You can have the final word. Yes, you can. With a number of enthusiasts who want to try their hand at fiction writing, some guidance is always welcome. British Library, Pune has organised a two-day workshop on creative fiction writing. The workshop called Writer’s Mantra will be held on August 17-18 at the library and will be conducted by acclaimed Pune-based writer Salil Desai for those above 16.
Desai recalls the good response he got from the workshops held by British Library, Ahmedabad, which has enabled him conduct this one in his hometown. With due discussions over the date, the workshop was finally organised for the above mentioned date. Desai tells The Punekar more about the workshop and his involvement in it.
This workshop is for aspiring writers and you have dealt with them in your earlier workshops. How has the experience been?
It was quite fascinating as many were brimming with ideas and talent. Many of these ideas are good but most of the people did not know how to proceed with them. In fact, many want to know the tricks of the trade. I try to tell them that writing is not just about pure inspiration. It is also about crafted imagination. You cannot leave everything to pure inspiration and write down. You can supplement it with technique and talent. You can get confidence. The entire workshop is exercise oriented.
What would your approach be towards doling out information to those coming in?
My approach would be making them understand that writing is something you have to work at.
You are an author yourself so you would have an advantage over others conducting such workshops. How would this be different?
I cannot comment on other workshops but this workshop will be based on my trial and errors. Though I have been publishing stories for about 30 years, I have started working on books for the last four years. The workshop will be a practical guide and not based on some bookish concept. The thing is that a writer likes to have enigma and aura around them. I will try to demystify the fiction writer for the aspirants. I have been through mistakes. I can tell them the difference between good and bad writing.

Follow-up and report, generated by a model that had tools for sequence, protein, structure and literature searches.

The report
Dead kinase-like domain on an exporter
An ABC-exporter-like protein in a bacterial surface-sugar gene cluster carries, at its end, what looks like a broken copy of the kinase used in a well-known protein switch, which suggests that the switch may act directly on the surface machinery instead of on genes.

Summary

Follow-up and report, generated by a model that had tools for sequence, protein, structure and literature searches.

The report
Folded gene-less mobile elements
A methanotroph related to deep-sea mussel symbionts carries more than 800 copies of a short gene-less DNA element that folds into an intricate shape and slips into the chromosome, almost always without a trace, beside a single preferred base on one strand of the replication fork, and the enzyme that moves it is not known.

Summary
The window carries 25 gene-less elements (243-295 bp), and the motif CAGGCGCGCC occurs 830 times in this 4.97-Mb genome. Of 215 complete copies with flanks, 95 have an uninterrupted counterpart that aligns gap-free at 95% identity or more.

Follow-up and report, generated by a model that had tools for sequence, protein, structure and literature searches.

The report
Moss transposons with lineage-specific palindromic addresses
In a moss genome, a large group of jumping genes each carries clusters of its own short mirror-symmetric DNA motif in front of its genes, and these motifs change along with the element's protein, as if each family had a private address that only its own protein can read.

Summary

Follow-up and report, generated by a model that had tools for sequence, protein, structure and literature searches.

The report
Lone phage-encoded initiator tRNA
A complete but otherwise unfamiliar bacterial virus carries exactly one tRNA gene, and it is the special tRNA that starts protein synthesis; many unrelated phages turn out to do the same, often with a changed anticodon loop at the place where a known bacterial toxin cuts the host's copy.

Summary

After the workshop gets over, how should the aspirants go on with their writing plan? What would be your advice?
I started conducting the workshop last year, in Ahmedabad. It was a success and so I was called in later. It was pretty weird as I did not know that the city had so many people interested in the art of writing. All of these participants formed a writer’s club with the British Library. In March this year, they launched an e-magazine along with the Library. It is doing pretty well and they have asked me to contribute to it too. Though I have no idea of how long this will work, my point is that I was not sure that the workshop would lead to this. The e-magazine is a classic example of how to go about. I would tell all these people that as a writer, you have to feel your story a lot. Though short stories doesn’t have a great market right now, try writing it to explore what you are good at. You will be able to find your genre. Writing a novel is like playing test cricket, while short story is one day. Blogs and forums are something which I am not keen on, as quality wise I am suspicious of it. I do tell them to write but also go for short stories. In fact, these days, a lot of publishers are coming out with anthologies.
For registration and fee details, you can contact Sugandhi/Savitry on 41005307 or 41005317 at British Library or email email@example.com